Mike Holtzman and Sabrina Fitzwilliams, who run the website Barebones Detroit, were the first to spot an alleged Banksy mural of a yellow bird in a cage before it was mysteriously removed from Detroits’ Packard Plant and ended up on eBay. Though the auction page says it’s authentic, we think “authentic” is a better description, as the claim has yet to be confirmed, and Banksy’s frequently copied work is notoriously difficult to verify. That said, we’ve put together a few steps we suggest you follow should you spot what you think might be the work of Bristol’s son.
1. Say out loud, “Oh shit! I think this is a Banksy!” He tends to pick busy locations, so it shouldn’t be hard to draw a crowd of people who might be able to help you figure it out.
2. Stand there in silent reverence for a few minutes. Fold your hands behind your back. If you have a goatee, it’s okay to stroke it, but not more than twice.
3. Remember how much you liked Exit Through the Giftshop? But how much you hated that other guy? Investigate, make sure this isn’t by him. If it is, abort.
4. Use your limited knowledge of how to authenticate a Banksy. We’ve heard something about how he doesn’t do feet well… we don’t know. Something like that. Base wild claims on this knowledge. Refer to a Banksy message board; people will eat that up.
5. Take a picture with your phone. Immediately make it the background on your home screen.
6. Take a picture of yourself in front of it and post it to Facebook, if you’re into that sort of thing.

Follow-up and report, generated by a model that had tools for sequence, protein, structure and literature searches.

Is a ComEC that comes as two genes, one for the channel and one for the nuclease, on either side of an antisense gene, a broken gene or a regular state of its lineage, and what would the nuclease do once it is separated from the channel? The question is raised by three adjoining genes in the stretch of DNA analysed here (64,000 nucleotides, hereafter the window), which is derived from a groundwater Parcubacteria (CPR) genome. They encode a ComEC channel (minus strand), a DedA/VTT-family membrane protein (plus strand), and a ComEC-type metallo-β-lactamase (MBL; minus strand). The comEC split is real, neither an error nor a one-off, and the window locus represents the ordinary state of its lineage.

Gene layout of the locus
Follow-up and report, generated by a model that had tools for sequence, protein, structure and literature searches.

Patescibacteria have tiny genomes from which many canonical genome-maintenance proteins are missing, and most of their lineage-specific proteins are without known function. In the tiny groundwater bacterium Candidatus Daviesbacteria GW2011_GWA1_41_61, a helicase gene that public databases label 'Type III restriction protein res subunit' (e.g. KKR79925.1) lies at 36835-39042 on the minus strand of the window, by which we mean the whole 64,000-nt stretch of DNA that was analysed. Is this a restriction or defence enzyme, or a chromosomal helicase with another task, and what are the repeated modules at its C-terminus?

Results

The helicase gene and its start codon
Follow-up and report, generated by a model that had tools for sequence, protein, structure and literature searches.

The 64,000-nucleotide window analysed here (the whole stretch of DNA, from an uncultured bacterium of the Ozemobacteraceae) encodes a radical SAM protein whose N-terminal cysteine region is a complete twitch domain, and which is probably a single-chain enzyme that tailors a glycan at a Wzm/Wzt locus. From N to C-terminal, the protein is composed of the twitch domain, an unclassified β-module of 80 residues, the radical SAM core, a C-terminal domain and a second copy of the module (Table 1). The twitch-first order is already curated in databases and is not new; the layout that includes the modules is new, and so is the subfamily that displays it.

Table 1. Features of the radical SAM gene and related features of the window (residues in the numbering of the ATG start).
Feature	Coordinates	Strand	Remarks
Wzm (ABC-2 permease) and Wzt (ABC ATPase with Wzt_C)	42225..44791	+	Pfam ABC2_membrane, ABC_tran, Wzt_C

7. Get really close — as if to suggest, to passers-by, that you are analyzing the brushstrokes of a Manet. This should help you see if it’s a big sticker or if it’s painted on. Don’t touch it.
8. Walk around the block to see if there are others like it (or pieces that might suggest this is/is not a Banksy).
9. Claim that you’re going to call his art dealer, Steve Lazarides to verify it. Phone your voice mail instead.
10. Panic, trying to think of ways to get this thing back to your apartment so you can make a quick $75K — err, protect it from vandals.
11. You think you own it now? How are you gonna get those bricks out of there? Why don’t you think about these things?!
12. Take a deep breath, walk away, and let the next person enjoy it. The people who excavated the Detroit piece left the message, “The canary has flown its coup,” in its place. Do you really want to be those guys?
Main image: Romain Blanquart/Detroit Free Press